How is it possible that helium, having 2 protons, and lithium, having 3 protons, are so different in terms of their physical properties? How come one is a gas at room temperature and the other is a solid metal?
Then why lithium and beryllium, the latter having 1 proton more than the former, are both metals and solids at room temperature?
Now if you remove neutrons from the nuclei of any element (except hydrogen), they form isotopes that have similar chemical properties and different physical properties, while still being an atom of the same element - therefore the protons, if I understand it correctly, are what determine whether an element is a gas or a solid at room temperature, and not the neutrons (or even electrons). Is this true?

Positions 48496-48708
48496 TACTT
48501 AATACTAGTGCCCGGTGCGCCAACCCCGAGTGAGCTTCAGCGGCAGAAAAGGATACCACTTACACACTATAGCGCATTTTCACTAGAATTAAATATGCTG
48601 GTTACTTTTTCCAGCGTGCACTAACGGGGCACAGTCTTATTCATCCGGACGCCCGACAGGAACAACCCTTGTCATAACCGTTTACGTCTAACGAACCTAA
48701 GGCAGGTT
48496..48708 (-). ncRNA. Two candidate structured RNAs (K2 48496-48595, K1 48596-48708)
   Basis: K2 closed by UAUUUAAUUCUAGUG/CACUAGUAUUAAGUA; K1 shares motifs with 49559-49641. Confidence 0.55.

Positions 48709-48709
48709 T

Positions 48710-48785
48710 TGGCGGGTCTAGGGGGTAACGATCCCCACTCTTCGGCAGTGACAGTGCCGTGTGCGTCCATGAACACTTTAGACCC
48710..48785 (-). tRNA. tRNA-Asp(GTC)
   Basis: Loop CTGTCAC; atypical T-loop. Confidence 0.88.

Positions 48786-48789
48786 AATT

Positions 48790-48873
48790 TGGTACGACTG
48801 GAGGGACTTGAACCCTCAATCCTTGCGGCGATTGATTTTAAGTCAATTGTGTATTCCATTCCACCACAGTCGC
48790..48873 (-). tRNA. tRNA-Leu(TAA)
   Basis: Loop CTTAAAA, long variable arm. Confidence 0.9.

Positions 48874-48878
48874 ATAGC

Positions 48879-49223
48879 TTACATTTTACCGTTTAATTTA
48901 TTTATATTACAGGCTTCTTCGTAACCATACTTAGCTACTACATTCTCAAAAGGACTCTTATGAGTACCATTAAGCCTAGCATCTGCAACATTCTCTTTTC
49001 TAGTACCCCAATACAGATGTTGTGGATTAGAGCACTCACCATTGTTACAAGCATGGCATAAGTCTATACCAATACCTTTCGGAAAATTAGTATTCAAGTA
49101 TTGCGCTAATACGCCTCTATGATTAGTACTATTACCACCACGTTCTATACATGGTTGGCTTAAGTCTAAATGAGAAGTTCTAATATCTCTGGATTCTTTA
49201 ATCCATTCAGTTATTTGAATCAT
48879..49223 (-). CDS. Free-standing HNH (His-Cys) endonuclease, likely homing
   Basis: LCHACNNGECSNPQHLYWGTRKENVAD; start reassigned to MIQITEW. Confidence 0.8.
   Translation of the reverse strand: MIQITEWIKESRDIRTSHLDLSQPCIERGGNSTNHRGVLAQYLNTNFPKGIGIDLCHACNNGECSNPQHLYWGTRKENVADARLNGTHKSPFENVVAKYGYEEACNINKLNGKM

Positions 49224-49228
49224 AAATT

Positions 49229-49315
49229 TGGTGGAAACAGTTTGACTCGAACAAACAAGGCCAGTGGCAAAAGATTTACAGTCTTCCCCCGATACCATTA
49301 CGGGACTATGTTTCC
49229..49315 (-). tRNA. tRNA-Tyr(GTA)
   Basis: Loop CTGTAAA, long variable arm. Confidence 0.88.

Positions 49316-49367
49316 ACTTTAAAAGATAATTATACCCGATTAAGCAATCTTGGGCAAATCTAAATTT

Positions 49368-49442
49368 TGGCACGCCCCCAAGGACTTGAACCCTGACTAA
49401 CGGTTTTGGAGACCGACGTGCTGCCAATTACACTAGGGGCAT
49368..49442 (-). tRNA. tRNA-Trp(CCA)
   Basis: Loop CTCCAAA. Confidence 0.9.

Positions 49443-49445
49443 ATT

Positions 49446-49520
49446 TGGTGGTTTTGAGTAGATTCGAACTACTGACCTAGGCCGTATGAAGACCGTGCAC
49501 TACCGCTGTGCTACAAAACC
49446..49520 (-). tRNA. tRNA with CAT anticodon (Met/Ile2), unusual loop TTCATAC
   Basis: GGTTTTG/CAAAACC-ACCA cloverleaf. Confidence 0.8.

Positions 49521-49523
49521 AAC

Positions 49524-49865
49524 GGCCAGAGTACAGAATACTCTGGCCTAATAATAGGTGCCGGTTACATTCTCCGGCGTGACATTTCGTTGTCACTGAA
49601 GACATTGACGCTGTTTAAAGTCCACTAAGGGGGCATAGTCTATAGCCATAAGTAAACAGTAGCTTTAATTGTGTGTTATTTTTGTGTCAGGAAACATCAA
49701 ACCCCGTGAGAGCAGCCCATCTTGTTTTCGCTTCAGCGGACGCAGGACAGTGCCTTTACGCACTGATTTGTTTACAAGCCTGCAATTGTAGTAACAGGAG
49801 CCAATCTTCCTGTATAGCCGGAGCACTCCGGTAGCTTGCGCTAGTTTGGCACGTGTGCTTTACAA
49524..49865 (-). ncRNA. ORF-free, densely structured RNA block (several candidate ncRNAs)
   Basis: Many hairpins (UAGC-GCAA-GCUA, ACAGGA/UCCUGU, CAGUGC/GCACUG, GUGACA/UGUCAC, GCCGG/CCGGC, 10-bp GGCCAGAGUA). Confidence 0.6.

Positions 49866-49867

The deeper question is that why do the properties of elements and their atoms change significantly - in some cases as with helium and lithium - just by having an additional proton in their nucleus, if the fundamental building blocks of protons (quarks) are identical for each proton? Then in the case of lithium and beryllium, why is the change in physical properties so subtle compared to the first case?
This question has already been asked before, however I am specifically interested in helium and lithium - why is one a gas and the other a solid metal at room temperature, having completely different chemical and physical properties? Is this a result of the electron shell configuration? Why does an extra proton, neutron and electron give rise to such a difference?